This research is done by Lukas Andriukaitis exclusively for Res Publica – Civic Resilience Center. Lukas Andriukaitis is an open-source researcher and trainer, focusing on Kremlin disinformation and military involvement in conflicts around the globe. For the past several years he has focused on Russian involvement in Ukraine, Syria, Libya and Venezuela.
Yevgeny Prigozhin, a Russian oligarch often dubbed “Putin’s Chef” due to his close ties to Putin, has increasingly became infamous for his activities with Wagner mercenaries. Yet there is another field of activity that he is less known for, but not less active in – information warfare.
Prigozhin is a Russian oligarch, close Putin’s henchman, who spent nine years in prison, in the final period of the USSR after being convicted of fraud and theft. He emerged in the 1990s and currently oversees the Wagner Group, Russian mercenaries that have been constantly deployed in various conflicts of key Russian interest including Ukraine, Libya, Venezuela, Central African Republic and Sudan. Prigozhin also has been financing and directing the Internet Research Agency, also known the “St. Petersburg Troll Factory”, which actively produces disinformation targeting Europe, and the United States. Prigozhin has his disinformation assets have been involved in many countries to an extent that, U.S. government has announced a $250,000 reward for any information leading to his arrest.
This article analysis some of Prigozhin’s latest global information interference examples from around the world.
Prigozhin and U.S. Elections
On April 15, U.S. Department of the Treasury’s Office of Foreign Assets Control (OFAC) re-upped sanctions on entities and individuals that tried to influence the 2020 U.S. presidential election at the direction of the leadership of the Russian Government. The updated sanctions are aimed at Kremlin-related 16 entities and 16 individuals that tried to “interfere and influence to influence or interfere with the U.S. elections and undermine public confidence in the election process.” Amongst the sanctioned entities are such infamous Russian propaganda websites as SouthFront and NewsFront, actively spreading propaganda in English and other languages and Strategic Culture Foundation, an online journal directed by Foreign Intelligence Service (SVR). Strategic Culture Foundation had a lot of its assets already removed from Facebook and Instagram back in September 2020. A network, including 6 pages, 23 user accounts, and 8 Instagram profiles with individuals associated with Russian intelligence services, were exposed in dealing coordinated inauthentic behavior. Pages mostly amplified anti-Western sentiment in both English and Russian, targeting mainly the United States and NATO countries.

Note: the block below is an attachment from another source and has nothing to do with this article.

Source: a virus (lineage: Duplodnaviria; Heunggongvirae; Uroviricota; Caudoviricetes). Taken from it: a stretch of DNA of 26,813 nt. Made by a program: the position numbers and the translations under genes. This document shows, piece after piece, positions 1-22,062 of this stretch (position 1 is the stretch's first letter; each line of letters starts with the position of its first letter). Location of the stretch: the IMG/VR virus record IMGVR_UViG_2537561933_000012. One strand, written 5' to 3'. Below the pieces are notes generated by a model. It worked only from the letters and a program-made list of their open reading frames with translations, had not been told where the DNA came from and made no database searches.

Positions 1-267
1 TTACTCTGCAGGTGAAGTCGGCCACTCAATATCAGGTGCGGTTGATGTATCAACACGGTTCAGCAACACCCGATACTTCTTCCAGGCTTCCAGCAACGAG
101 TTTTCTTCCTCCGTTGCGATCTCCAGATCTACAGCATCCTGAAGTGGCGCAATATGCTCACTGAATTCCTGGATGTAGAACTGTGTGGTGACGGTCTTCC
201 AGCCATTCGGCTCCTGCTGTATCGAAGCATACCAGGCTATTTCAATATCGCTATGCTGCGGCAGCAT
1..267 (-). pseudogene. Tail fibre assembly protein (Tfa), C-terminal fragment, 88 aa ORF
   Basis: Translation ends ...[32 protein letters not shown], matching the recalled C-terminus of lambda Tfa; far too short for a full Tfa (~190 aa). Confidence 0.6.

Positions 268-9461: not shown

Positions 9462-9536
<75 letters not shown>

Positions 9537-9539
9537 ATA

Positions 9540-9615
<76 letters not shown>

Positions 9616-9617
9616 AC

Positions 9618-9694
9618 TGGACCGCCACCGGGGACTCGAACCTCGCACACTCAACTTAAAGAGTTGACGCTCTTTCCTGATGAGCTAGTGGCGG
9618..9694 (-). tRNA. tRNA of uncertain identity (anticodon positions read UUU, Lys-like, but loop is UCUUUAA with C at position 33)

Examples of the posts populated by Prigozhin during the 2020 U.S. elections. (Twitter/@gal_sububan)
This time, U.S. Treasury has particularly focused on sanctioning Prigozhin’s disinformation in Africa, targeting his accomplices and three companies – Foundation for National Values Protection, Association For Free Research And International Cooperation and International Anticrisis Center. This is not the first time that Prigozhin’s name comes up in the topic of election interference. In 2018, United States by Special Counsel Robert Mueller filed a criminal indictment against Prigozhin for financing influence operations targeting the 2016 U.S. presidential elections. To which, Prigozhin responded by threatening to sue US. The same year, U.S. Treasure increased pressure on previously designated person Yevgeniy Prigozhin by targeting his physical assets, including three aircraft and a yacht, as well as employees of the Internet Research Agency, which Yevgeniy Prigozhin finances. This was done due to Internet Research Agency in connection with its efforts to interfere in the 2018 U.S. midterm elections.
In July 2020, The United States and European Union have imposed sanctions on Prigozhin for “Destabilizing Global Activity’. And at the end of February 2021, the FBI added Priogzhin to its Most Wanted list for his alleged “conspiracy to defraud the United States” from 2014 to 2018 and announced a $250,000 reward for any information leading to his arrest.